Twitter and Tear Gas: The Power and the Fragility of Networked Protest

Social Forces , Volume Advance Article (4) – Feb 16, 2018

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Publisher
Oxford University Press
Copyright
© The Author(s) 2018. Published by Oxford University Press on behalf of the University of North Carolina at Chapel Hill. All rights reserved. For permissions, please e-mail: journals.permissions@oup.com.
ISSN
0037-7732
eISSN
1534-7605
D.O.I.
10.1093/sf/soy004
Publisher site
See Article on Publisher Site

Abstract

Tufecki has written an important book that offers a granular assessment of contemporary digital protest. It is a sober, stock-taking study of several protest movements that attracted considerable scholarly and journalistic attention in recent years. The book does what good books should do: It provides valuable original data and perceptive insights about an important subject, and it raises further questions. The analysis moves breezily from the “Arab spring” to movements in Turkey and the United States to Mexico’s Zapatistas, from discussions about collective action to digital technologies. The writing is lively, with personal recollections, thoughtful observations, and personal testimonies from protesters. Altogether, Tufecki offers a textured chronicle of the dynamics of several movements and the hopes of activists. The argument is compelling even if it is buried under lengthy descriptions and analytical asides: Digital tools are powerful instruments for organizing and for public expression, but they are not sufficient to bring about political change. There is much that horizontalism can accomplish, even if movements showed capacity to construct counternarratives, disrupt everyday life in positive ways, and nurture institutional skills. This conclusion may not be a revelation to many scholars of collective action, familiar with the complexity of social change, but it is an important point to be hammered on in the aftermath of rushed and sociologically thin prognoses that envisioned a bright, democratic future brought about by digital activism. Huge mobilizations that astutely used social media were seen as the harbinger of progressive change. Optimistic positions were based more on the belief about the potential of digital horizontal participation than on impeccable evidence or nuanced dissections of political situations. Sadly, history showed the power of the status quo and its furious reaction against protesters. The “tear gas” in the book’s title is a reminder of the entrenched authority of political, economic, and military actors—a metonym for sclerotic states that struck back and ultimately prevailed. Tufecki’s conclusion is bittersweet, particularly given her own direct involvement in many protests as well as her sympathetic stand on several movements. Just as activists built communities and cultivated a legacy of participation, they achieved little in terms of major policy goals they set out to achieve, whether wealth redistribution, political democracy, or stopping war. I wish Tufecki had articulated her theoretical argument in clearer, crisper terms. Given her first-rate insights into several movements, the analysis could have delivered a powerful argument about why changes failed to materialize. She clearly shows the limitations of “assemblyism” and leaderless movements to drive democratic changes, but the book does not advance a concise argument about what was missing. Was it the right political junctures? Elite support? Misunderstanding the complexity of reactionary forces? Did activists make incorrect strategic choices that explain why early hopes were crushed? The references to the success of the Tea Party in the United States could have been used to address these questions. Or perhaps this case does not truly apply to progressive movements, given several differences between right-wing and left-wing social movements in terms of linkages to established politics, sources and level of funding, and other variables. Another issue the book could have been discussed in more detail is whether protest movements are truly comparable. Yes, they used digital platforms similarly in innovative ways to coordinate actions and voice opinions, but they took place in widely different political and social contexts—from authoritarian regimes to liberal democracies. Some wanted to overthrow dictatorships and promote democracy; others wanted to change economic and social policies; still others wanted to abolish capitalism and racism. They can be rightly considered “anti-authoritarian movements,” as Tufecki points out, but they operated in widely different political contexts. This is important for many reasons. Are political elites in (semi)authoritarian regimes less prone to respond to signals from movements than in democratic systems? Do similar tactics, such as demonstrations, have similar impact in different contexts—Mubarak’s Egypt, Erdogan’s Turkey, and the contemporary United States? Do these cases demonstrate that grassroots movements may not achieve sustainable policy changes and political reform without support from elites? The book clearly highlights the problems of “tactical freezes” in liberal and progressive movements, but it does not formulate a succinct argument about how changes could have been possible in different cases. A critical study of the revolutions that didn’t happen tells us a story as important as understanding the revolutions that did happen. The book could have also critically assessed the failings of optimistic positions about digital activism. Tufecki herself admits her early miscalculation about the impact of social movements. What is not discussed, unfortunately, is why so many scholars and activists believed that positive change was imminent even without strong evidence. While the book wisely reminds us that political change is complicated and depends on several conditions, it does not delve into why this important conclusion got lost among the fetishization of digital technologies. An autopsy of techno-optimism could have explained why so many underestimated the power of the enemy that protest movements confronted, and what lessons should be drawn to avoid falling again into exuberant positions based on limited evidence. In my mind, the book tells us that maintaining critical distance from movements is necessary to understand the strengths and the limitations of networked citizenship. One can be a politically committed scholar, but should also keep in mind the lessons from previous protest movements about when and why social change happens, in different contexts and in different times. Also, it may be important, following a point that Tufecki gestures toward in several passages, that protest may be a suitable, necessary tactic in certain circumstances, but it may be limited to mobilizing public opinion, persuading elites, overthrowing dictators, or reforming capitalism. The communities formed by protest actions, as she convincingly documents, may not achieve ambitious goals if they do not shift tactical gears. Certainly, these options vary across contexts. The existence of open and fair elections, critical press, independent judiciary, sympathetic elites, and the rule of law may be options to activists in some, not all, cases. To understand these issues, the analysis should foreground the political context and remember that not all forms of digital activism are comparable, even if they use the same platforms. This book reminds us that we should not forget that politics matter, even if we are primarily interested in studying digital protest. © The Author(s) 2018. Published by Oxford University Press on behalf of the University of North Carolina at Chapel Hill. All rights reserved. For permissions, please e-mail: journals.permissions@oup.com. This article is published and distributed under the terms of the Oxford University Press, Standard Journals Publication Model (https://academic.oup.com/journals/pages/about_us/legal/notices)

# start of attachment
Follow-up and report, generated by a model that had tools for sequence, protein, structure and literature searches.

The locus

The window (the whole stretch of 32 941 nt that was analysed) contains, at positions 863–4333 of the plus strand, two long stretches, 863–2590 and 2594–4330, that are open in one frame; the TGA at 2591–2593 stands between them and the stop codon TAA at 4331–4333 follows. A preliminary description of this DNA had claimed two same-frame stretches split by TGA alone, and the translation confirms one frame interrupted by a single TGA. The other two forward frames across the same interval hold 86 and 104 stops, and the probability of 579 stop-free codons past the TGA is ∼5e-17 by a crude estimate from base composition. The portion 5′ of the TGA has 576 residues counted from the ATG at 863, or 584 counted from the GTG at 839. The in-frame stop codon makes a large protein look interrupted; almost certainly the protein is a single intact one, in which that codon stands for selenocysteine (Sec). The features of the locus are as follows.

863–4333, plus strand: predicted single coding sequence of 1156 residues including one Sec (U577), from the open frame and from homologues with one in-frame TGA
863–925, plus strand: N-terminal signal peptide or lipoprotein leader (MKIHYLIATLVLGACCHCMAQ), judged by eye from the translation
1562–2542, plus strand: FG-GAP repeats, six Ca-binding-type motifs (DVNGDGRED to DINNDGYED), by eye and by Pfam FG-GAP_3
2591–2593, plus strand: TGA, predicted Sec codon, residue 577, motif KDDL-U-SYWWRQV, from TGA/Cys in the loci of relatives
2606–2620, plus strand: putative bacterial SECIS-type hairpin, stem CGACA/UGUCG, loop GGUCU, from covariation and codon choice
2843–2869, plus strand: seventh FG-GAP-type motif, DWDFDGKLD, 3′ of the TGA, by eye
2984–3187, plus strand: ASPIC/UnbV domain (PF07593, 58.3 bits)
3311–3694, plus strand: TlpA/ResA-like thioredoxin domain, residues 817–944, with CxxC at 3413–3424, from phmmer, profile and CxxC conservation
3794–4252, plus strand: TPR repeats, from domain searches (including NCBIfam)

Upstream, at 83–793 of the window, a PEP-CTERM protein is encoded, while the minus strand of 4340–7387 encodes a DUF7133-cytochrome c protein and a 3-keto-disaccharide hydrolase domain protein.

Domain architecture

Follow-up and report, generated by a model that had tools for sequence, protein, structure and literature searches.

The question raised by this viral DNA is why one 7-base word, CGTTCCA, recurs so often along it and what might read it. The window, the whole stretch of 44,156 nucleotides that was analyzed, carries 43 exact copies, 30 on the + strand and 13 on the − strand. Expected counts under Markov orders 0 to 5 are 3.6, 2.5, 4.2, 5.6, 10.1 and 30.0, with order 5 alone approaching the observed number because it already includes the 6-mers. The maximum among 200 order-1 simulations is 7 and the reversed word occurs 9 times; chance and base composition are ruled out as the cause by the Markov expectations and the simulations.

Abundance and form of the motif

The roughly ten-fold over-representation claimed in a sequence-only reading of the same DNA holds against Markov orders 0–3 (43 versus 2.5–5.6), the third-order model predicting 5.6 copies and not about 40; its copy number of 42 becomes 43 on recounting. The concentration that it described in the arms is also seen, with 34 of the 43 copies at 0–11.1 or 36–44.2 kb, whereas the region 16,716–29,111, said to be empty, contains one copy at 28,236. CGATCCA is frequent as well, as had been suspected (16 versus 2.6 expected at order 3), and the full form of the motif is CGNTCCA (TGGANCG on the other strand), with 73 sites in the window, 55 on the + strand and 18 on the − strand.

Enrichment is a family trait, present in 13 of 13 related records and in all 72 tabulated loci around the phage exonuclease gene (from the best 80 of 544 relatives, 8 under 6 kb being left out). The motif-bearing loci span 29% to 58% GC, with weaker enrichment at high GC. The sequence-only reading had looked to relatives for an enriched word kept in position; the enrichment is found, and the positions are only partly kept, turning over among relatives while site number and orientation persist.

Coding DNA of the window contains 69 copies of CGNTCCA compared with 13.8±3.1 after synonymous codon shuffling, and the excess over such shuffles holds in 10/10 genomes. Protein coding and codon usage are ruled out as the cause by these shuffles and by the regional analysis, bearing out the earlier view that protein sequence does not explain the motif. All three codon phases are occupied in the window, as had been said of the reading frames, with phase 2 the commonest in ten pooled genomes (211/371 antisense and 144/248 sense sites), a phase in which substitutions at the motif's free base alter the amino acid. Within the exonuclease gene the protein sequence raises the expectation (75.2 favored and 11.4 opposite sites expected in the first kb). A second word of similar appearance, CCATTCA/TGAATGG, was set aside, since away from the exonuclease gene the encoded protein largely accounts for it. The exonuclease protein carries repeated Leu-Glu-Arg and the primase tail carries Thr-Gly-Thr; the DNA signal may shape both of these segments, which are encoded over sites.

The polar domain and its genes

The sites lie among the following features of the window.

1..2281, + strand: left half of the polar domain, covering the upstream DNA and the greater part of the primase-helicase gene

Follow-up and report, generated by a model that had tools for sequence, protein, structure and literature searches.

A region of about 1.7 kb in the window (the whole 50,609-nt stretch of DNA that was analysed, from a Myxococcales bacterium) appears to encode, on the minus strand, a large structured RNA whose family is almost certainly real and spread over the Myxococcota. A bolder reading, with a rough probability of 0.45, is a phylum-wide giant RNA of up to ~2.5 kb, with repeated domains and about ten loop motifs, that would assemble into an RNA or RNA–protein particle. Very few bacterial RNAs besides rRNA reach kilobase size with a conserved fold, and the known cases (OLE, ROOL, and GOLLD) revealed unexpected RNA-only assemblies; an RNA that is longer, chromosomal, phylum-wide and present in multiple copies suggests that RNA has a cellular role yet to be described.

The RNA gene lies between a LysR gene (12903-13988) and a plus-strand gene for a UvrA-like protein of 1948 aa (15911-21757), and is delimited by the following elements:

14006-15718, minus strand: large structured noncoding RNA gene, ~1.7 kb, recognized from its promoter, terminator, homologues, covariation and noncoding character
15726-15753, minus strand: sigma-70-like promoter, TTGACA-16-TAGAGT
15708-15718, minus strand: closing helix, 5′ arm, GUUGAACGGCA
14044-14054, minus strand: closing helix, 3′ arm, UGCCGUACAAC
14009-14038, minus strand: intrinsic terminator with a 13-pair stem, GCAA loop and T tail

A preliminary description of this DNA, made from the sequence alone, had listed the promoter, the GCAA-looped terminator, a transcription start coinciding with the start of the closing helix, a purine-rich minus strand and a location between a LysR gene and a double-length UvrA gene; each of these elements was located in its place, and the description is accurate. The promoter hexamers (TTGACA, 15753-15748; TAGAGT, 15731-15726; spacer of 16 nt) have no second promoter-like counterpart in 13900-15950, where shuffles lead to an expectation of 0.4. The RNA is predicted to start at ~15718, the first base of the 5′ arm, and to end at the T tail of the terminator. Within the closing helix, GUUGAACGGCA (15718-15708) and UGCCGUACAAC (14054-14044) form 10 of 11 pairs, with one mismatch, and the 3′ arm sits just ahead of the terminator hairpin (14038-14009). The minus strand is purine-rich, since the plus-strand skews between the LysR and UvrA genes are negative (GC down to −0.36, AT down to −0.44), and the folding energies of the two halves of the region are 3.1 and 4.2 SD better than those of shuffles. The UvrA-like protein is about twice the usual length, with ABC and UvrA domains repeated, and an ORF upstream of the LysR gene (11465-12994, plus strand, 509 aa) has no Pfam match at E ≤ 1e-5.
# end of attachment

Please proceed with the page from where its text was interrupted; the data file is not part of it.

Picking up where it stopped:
Journal

Social ForcesOxford University Press

Published: Feb 16, 2018